Trent Press Release


February 20, 2002

Renowned Canadian Author Alistair MacLeod Next Year's Ashley Fellow at Trent

Award-winning author Alistair MacLeod has been selected as Trent University's Ashley Fellow for the year 2002-03.

A Canadian writer of international renown, Alistair MacLeod focuses on life in eastern Canada, particularly Cape Breton, in his work. His writing has received widespread literary acclaim and last year he was the first Canadian to win the International IMPAC Dublin Literary Award, the largest monetary award for a single piece of fiction. The prize was awarded for his first novel No Great Mischief.

Also known and loved for his talent in crafting short stories, MacLeod draws on the Gaelic oral tradition of storytelling in his work. The landscapes and established occupations of Cape Breton life are fixtures in his tales, as are the themes of leaving home and returning home.

 Alister MacLeod

Alistair MacLeod

The Ashley Fellow is a visiting scholar who gives public lectures, resides on campus and participates in the academic and college life of the university. Those who wrote passionate submissions in favour of MacLeod's nomination remarked that, as one of the major sensations on the Canadian and international literary scene, he would greatly enrich the academic and creative experience of students at Trent.

MacLeod expressed his delight at the announcement and anticipates a wonderful experience at Trent University in the coming year. "I am very pleased and honoured to be recognized in such a way by Trent University," said MacLeod. "I feel very positive about Trent in general. I was a short term writer in residence and I have done readings there. I look forward to being at Trent and making whatever contributions I can." MacLeod particularly looks forward to interacting with students. "People of a certain age forget that we were young once," he said. "We have to think of 18 or 19 year old writers not as they are now, but as what they might become in future years."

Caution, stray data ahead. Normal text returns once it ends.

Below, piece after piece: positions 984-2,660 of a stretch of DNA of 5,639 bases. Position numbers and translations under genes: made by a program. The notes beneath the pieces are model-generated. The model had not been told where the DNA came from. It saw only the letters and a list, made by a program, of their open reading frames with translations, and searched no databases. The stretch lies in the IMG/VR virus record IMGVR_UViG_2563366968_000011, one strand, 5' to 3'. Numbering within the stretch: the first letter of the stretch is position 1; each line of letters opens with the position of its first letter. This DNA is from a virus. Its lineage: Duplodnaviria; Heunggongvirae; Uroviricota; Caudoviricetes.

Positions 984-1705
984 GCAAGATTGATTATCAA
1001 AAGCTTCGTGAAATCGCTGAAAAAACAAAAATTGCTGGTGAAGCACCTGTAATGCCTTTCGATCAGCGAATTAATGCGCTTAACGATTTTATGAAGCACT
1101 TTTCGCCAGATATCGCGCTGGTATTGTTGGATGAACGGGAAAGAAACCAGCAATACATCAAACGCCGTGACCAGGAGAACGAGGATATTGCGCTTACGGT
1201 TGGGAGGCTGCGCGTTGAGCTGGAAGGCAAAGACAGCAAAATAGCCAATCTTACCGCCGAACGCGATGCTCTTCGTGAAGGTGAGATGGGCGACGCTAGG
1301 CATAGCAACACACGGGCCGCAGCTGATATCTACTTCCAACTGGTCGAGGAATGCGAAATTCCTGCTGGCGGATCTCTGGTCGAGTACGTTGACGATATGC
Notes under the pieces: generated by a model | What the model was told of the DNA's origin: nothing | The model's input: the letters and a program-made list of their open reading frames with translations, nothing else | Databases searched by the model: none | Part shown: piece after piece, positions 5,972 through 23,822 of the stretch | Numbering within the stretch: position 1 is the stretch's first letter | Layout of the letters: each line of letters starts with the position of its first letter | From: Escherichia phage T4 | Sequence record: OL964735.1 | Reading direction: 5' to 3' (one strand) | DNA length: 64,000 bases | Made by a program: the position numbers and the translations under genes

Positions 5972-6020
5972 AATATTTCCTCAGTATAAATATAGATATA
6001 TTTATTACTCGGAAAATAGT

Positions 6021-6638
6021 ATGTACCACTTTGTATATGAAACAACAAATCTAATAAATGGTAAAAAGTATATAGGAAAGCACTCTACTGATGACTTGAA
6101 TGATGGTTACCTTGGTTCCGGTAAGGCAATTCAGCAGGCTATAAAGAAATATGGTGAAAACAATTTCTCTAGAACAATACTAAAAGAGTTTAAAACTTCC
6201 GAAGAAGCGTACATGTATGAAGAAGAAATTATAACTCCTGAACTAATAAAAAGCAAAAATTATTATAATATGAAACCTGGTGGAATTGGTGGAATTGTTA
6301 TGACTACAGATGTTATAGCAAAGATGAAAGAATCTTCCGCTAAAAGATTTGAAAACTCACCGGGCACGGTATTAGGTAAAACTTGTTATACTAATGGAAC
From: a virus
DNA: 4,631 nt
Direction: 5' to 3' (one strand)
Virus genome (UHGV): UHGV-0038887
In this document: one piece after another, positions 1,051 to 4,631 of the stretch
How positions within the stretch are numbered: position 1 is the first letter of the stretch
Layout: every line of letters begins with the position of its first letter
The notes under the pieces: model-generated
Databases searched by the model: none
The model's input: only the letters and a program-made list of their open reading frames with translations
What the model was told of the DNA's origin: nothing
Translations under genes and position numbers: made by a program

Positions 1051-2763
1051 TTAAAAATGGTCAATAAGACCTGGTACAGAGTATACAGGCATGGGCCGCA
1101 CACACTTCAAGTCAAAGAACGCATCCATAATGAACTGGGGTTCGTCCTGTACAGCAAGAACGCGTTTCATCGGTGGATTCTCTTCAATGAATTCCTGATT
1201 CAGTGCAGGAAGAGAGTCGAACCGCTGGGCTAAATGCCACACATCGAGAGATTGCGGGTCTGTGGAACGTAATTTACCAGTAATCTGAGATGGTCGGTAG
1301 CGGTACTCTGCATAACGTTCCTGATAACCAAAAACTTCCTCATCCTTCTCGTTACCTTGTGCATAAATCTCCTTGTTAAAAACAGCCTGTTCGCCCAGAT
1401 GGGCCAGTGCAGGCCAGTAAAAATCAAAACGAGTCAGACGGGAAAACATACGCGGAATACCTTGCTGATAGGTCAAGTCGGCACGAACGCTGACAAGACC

"Any university English Department would be proud to have an author of Alistair MacLeod's stature as a visitor," commented Professor James Neufeld, Chair of Trent's English Department. "But here at Trent, we feel as though we are welcoming back an old friend. Alistair has paid frequent brief visits to Trent in the past, and his Ashley Fellowship will be something of a homecoming. We are excited that a new generation of students will have the chance to meet this extraordinary writer and special man."

Though retired from his position as Professor at the University of Windsor, Alistair MacLeod continues to be a part of the life of the university. He has received honorary degrees from University College of Cape Breton (1991) and St. Francis Xavier University (1987).
MacLeod's literary honours and awards are extensive. The Lost Salt Gift of Blood was nominated for the "Peoples Choice" Award as one of the best books published in the United Kingdom in 1991 and was selected as one of the "best new books in Scotland." Publishers Weekly (New York) chose it as one of the "Best Books of 1998." MacLeod was selected as the Canadian participant in the "Canada/Scotland Writers in Residence Exchange Program" for the year 1984-85. His short stories "In the Fall" and "The Boat" were both selected for the Roll of Honour by The Yearbook of the American Short Story in 1969 and 1973. "The Boat" and "The Closing Down of Summer" were selected for The Best American Short Stories in 1969 and 1975 respectively.

A film "The Lost Salt Gift of Blood" based on MacLeod's story of the same name opened at Filmhouse Theatre in Toronto in 1989. In 1983, a film based on "In The Fall" was released.

The Ashley Fellowship was established in 1976 with a bequest from the late C.A. Ashley, a professor, long-time friend of Trent and proponent of the value informal contacts can add to college and academic life at a university.

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Distribution: National


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